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CARES Act PPP Loans – Is There A Loan “Dead Zone”?

The Coronavirus Aid, Relief, and Economic Security Act (CARES Act) was signed into law by the President on March 27, 2020. It is a stunning piece of legislation meant to support our first responders and medical personnel treating those that are stricken, and to provide emergency economic relief to individuals, small businesses, and even large corporations that have been so adversely impacted by the pandemic.

The ink was barely dry on the CARES Act (enacted March 27th), which created the $349 billion Small Business Administration’s Paycheck Protection Program loan program, when the Interim Final Rules were published (April 3rd). Those PPP loans will be doled out by qualified lenders to qualified Applicants, in increments of up to $10 million per Applicant (limit of one per Applicant). Those loans will bear interest at 1% per year, with interest and principle payments deferred for six months and – here’s the best part – the Government will forgive “qualifying” loans.

As of 7:00 am PST on April 7th, there were about 1,800 lenders that had previously been approved, and another 600 or so that have only recently been approved, to act as SBA PPP lenders. How will they be compensated?

According to the Treasury Department’s Treasury PPP Fact Sheet there is a simple fee schedule:

The SBA – not the small business borrower – will pay the lender a processing fee based on the balance of the financing outstanding at the time of final disbursement in the following amounts:

  • five percent for loans of not more than $350,000;
  • three percent for loans of more than $350,000 and less than $2,000,000; and
  • one percent for loans of at least $2,000,000

(see 15 USC s. 636(a)(36)(P)).

And the SBA Interim Final Rule has similar language to the Treasury Fact Sheet. At page 24 of the  Interim Final Rule is this:

What fees will lenders be paid? SBA will pay lenders fees for processing PPP loans in the following amounts:

i. Five (5) percent for loans of not more than $350,000;

ii. Three (3) percent for loans of more than $350,000 and less than $2,000,000; and

iii. One (1) percent for loans of at least $2,000,000.

So this appears to be pretty simple: a loan up to $350,000 gets the lender a fee of 5% of the amount of the loan. A loan of more than $350,000 and less than $2,000,000 gets the lender a fee of 3%. And a loan of $2,000,000 or more gets the lender a fee of 1%.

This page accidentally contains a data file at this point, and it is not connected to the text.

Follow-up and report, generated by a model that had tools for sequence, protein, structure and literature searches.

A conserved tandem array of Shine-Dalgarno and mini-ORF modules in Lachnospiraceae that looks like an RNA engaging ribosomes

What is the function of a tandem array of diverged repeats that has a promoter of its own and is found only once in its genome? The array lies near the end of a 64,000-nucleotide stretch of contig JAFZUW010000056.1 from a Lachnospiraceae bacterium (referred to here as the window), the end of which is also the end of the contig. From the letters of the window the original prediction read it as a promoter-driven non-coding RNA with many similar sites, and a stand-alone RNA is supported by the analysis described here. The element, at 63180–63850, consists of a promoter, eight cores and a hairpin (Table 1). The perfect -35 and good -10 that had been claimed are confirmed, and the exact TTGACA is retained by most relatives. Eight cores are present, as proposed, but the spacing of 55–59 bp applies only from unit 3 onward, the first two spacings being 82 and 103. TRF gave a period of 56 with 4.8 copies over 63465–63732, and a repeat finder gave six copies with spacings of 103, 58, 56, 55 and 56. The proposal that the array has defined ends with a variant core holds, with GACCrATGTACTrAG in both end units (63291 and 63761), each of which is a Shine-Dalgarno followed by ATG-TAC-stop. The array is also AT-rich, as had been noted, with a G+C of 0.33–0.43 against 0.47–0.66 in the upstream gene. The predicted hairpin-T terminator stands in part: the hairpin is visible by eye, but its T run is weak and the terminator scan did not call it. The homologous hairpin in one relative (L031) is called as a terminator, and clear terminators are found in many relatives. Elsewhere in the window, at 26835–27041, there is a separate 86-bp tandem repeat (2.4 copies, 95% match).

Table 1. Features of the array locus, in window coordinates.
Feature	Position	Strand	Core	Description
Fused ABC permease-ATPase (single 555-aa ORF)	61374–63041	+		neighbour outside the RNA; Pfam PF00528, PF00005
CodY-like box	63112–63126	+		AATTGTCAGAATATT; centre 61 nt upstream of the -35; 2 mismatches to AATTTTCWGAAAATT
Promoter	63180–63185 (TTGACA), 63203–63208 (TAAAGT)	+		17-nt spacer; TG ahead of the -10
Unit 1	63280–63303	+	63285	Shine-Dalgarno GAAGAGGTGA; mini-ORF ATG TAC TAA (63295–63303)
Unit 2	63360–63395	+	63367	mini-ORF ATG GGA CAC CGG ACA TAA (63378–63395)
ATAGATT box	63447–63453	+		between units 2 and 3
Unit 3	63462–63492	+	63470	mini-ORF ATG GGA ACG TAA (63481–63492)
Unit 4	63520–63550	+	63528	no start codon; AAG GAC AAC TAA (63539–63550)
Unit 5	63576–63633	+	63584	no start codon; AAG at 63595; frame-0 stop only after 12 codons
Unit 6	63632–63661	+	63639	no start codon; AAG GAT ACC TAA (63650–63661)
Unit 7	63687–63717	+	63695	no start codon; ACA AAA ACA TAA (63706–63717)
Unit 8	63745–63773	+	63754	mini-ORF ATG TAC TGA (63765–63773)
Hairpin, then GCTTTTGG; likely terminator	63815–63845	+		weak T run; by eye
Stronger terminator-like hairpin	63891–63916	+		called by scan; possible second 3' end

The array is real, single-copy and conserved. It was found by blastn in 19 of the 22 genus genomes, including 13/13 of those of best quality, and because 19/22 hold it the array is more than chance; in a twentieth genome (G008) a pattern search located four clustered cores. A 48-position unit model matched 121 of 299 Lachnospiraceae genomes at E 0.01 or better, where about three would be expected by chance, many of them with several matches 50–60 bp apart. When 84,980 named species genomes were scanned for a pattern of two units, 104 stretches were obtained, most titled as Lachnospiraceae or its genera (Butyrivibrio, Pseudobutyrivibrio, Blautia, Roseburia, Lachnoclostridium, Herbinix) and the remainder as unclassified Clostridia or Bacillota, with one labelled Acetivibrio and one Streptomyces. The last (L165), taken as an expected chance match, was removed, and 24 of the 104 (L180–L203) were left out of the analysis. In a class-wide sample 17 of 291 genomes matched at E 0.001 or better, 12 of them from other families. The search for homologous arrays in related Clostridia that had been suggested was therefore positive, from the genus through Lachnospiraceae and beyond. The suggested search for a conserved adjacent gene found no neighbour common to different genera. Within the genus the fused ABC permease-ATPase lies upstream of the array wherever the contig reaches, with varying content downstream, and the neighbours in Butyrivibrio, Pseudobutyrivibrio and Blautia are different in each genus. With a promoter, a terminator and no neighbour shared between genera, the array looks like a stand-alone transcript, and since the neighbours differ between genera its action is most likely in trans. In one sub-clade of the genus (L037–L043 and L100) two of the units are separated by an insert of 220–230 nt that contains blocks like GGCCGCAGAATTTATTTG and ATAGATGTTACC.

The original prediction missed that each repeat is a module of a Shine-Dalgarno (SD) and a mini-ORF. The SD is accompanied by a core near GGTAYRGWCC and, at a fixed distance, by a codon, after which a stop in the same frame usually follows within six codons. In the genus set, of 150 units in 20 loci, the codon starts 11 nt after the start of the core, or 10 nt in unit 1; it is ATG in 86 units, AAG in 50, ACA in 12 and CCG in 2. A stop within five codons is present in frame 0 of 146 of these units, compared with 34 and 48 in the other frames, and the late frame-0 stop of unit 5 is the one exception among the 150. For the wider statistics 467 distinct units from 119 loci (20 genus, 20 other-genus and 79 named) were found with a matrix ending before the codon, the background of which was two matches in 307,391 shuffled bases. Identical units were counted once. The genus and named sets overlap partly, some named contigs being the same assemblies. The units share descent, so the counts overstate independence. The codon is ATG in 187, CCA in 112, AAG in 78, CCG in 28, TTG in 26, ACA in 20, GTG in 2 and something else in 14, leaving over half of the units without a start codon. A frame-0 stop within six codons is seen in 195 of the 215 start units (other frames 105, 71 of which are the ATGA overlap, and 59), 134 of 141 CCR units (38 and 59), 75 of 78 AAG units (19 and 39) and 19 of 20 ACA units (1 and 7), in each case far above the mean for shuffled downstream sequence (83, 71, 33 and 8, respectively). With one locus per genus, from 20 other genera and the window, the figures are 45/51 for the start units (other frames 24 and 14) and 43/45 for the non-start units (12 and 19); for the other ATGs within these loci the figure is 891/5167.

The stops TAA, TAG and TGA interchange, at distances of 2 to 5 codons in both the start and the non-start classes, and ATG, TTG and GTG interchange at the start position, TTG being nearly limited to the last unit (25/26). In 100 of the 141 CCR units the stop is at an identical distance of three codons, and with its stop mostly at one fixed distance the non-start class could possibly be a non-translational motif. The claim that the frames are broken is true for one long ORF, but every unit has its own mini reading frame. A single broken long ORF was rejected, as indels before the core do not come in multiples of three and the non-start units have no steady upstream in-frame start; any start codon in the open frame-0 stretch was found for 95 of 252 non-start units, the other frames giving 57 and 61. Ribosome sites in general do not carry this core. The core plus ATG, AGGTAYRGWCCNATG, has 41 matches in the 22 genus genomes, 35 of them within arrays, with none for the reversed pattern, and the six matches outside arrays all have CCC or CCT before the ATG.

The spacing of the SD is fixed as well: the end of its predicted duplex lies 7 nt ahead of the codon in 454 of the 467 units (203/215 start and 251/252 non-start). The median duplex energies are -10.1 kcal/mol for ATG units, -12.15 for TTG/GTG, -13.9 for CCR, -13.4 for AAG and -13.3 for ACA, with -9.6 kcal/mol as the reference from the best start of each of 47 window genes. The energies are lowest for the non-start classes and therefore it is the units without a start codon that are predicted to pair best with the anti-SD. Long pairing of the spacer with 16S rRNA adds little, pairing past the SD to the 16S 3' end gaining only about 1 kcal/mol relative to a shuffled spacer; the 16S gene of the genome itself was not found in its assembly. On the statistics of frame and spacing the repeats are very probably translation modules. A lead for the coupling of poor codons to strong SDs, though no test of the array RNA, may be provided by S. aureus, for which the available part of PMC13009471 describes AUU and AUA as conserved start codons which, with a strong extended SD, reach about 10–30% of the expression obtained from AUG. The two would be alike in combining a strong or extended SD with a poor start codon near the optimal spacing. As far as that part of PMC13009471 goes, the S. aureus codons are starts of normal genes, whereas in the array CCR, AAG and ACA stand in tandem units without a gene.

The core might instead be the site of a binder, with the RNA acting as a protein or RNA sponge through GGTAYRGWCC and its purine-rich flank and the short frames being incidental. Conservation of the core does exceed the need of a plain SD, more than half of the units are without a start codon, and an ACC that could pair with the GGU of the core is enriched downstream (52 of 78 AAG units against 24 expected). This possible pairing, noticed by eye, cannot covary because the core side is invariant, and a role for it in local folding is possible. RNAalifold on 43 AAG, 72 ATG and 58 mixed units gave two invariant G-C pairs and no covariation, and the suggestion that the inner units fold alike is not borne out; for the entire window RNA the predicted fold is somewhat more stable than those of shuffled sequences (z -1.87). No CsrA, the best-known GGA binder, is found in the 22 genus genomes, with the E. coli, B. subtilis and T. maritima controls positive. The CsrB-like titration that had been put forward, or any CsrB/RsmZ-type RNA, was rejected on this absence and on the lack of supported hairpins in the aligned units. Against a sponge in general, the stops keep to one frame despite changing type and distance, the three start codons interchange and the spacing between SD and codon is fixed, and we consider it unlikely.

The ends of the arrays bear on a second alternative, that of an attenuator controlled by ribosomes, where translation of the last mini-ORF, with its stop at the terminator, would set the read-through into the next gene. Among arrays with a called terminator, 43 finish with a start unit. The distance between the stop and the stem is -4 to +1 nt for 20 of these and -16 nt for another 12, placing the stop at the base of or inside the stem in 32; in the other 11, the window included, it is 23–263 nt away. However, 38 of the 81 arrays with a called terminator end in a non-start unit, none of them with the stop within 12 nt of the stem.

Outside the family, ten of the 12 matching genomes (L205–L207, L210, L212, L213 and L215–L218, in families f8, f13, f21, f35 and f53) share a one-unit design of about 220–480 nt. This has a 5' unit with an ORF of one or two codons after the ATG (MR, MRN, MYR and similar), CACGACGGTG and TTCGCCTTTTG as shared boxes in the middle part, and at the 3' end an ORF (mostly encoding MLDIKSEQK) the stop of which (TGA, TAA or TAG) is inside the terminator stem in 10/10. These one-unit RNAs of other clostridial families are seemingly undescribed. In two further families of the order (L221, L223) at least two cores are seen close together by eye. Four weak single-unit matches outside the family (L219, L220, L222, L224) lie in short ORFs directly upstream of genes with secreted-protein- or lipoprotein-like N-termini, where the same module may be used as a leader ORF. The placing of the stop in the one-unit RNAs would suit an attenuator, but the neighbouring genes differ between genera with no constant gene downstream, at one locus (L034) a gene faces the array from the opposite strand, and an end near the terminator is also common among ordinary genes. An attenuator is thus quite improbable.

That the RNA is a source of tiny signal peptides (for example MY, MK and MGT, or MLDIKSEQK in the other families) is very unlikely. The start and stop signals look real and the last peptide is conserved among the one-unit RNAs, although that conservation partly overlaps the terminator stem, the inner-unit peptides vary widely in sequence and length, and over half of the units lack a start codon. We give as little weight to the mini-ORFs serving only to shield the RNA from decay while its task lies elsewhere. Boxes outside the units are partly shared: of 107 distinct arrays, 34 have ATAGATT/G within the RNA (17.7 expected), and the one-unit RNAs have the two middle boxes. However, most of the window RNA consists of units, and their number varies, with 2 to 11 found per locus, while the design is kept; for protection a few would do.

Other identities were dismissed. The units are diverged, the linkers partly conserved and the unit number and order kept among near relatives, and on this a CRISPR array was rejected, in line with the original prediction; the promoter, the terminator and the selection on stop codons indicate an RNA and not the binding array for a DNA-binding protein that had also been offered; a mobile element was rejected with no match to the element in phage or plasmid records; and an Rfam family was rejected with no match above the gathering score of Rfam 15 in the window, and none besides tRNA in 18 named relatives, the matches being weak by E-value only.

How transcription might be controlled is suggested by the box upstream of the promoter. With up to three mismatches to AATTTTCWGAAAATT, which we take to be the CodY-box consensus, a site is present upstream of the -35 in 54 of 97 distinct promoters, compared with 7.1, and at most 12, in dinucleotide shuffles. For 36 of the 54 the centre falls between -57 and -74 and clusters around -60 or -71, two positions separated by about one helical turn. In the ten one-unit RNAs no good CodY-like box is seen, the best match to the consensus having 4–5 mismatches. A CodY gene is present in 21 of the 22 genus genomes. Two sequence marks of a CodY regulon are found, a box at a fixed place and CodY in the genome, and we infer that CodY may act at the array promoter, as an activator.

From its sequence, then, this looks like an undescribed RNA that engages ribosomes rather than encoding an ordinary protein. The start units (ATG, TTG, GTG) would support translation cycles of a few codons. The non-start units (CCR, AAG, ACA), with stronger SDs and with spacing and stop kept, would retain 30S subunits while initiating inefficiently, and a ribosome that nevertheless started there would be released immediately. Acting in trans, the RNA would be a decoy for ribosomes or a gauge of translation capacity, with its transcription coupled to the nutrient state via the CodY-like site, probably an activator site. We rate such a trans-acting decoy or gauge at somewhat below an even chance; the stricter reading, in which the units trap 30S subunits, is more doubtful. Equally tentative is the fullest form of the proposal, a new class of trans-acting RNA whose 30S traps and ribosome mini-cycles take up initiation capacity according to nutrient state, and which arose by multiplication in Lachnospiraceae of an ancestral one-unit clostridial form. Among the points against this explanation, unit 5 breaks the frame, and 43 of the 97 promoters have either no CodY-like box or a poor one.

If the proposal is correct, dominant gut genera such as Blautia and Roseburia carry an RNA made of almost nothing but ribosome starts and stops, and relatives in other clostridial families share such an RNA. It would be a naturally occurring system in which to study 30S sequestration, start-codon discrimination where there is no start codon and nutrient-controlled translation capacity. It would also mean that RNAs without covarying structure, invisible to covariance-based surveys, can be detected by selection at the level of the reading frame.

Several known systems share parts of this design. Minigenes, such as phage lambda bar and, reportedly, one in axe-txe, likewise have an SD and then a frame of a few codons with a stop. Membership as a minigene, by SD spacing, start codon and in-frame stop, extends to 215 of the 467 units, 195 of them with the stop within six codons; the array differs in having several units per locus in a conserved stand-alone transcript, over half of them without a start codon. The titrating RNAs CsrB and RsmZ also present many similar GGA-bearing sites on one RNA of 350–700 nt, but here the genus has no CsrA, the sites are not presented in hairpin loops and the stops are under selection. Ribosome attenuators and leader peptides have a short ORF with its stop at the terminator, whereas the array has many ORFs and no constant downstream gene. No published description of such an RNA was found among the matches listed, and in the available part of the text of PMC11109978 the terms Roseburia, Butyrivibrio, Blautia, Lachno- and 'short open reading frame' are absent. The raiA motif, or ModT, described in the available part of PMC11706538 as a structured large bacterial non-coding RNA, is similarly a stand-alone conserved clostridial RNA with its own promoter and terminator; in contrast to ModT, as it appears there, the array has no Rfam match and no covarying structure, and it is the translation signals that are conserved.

Was that the intent?

So a PPP loan of, say, $350,000 gets the lender a fee of $17,500 (at 5%) and a loan of, say, $400,000 gets the lender a fee of $12,000 (at 3%)? Or did Treasury intend that a loan of, say, $500,000, would get the lender a fee of 5% on the first $350,000 and 3% on the next $150,000? Or for loans of, say, $4,000,000, the lender would get a fee of 5% on the first $350,000, 3% on the next $1,650,000, and 1% on the balance? If that was the intent, why didn’t Treasury write something like it had in 13 CFR §120.220, but for PPP loans:

  • for loans up to $350,000, five percent of the loan amount;
  • for loans from $350,000 up to $2,000,000, $17,500 on the first $350,000 and 3% on the balance of the loan amount; and
  • for loans of $2,000,000 up to $10,000,000 (the maximum PPP loan), $60,000 on the first $2,000,000 and 1% on the balance of the loan amount

I did some calculations, and something interesting occurs. We get a range of loans where a lender will make less in fees even when lending out more money. Here’s what it looks like: for loan amounts up to $350,000, the lender gets a fee that goes up to $17,500. But for a loan just over $350,000 – and in this example I went up $25,000 – the lender makes over $6,000 less in fees. As can be seen, there is a “Dead Zone” of PPP loans between $350,000 and $600,000 where the lender makes less in fees than if it loaned $350,000 or less. And the PPP Loan Dead Zone is even broader for Agents: that zone extends from $350,000 to $700,000.

(there is also an Agent fee that follows the same ranges as the lender fee, only in amounts of 1%, 0.5%, and 0.25%).

And a similar PPP Loan Dead Zone occurs at the next step-drop in fees – for loans of $2,000,000 or more, the lender fee is 1%. So a lender will make less on a $6,000,000 PPP loan than it would make on a $1,950,000 loan. The high dollar PPP Loan Dead Zone for Agents is $2,000,000 to $4,000,000.

Could this fee structure create some misaligned incentives for lenders? Could a lender somehow “encourage” those $575,000 loans to become $650,000 loans, even if the borrower has only applied for $575,000? Could a lender process a $350,000 loan – with a $17,500 fee – before it processes a $400,000 loan – with a $12,000 fee?

So where does that leave us? As I wrote in my last article, nobody knows. As Yogi Berra once said,

It’s tough to make predictions, especially about the future.

So how can Treasury eliminate the PPP Loan Dead Zone?

Treasury can change the fee structure to something like this:

  • for loans up to $350,000, five percent of the loan amount;
  • for loans from $350,000 up to $2,000,000, $17,500 on the first $350,000 and 3% on the balance of the loan amount; and
  • for loans of $2,000,000 up to $10,000,000 (the maximum PPP loan), $60,000 on the first $2,000,000 and 1% on the balance of the loan amount

With that, there are no PPP Loan Dead Zones … the larger the loan, the greater the fee. Fair enough, let’s get these loans processed!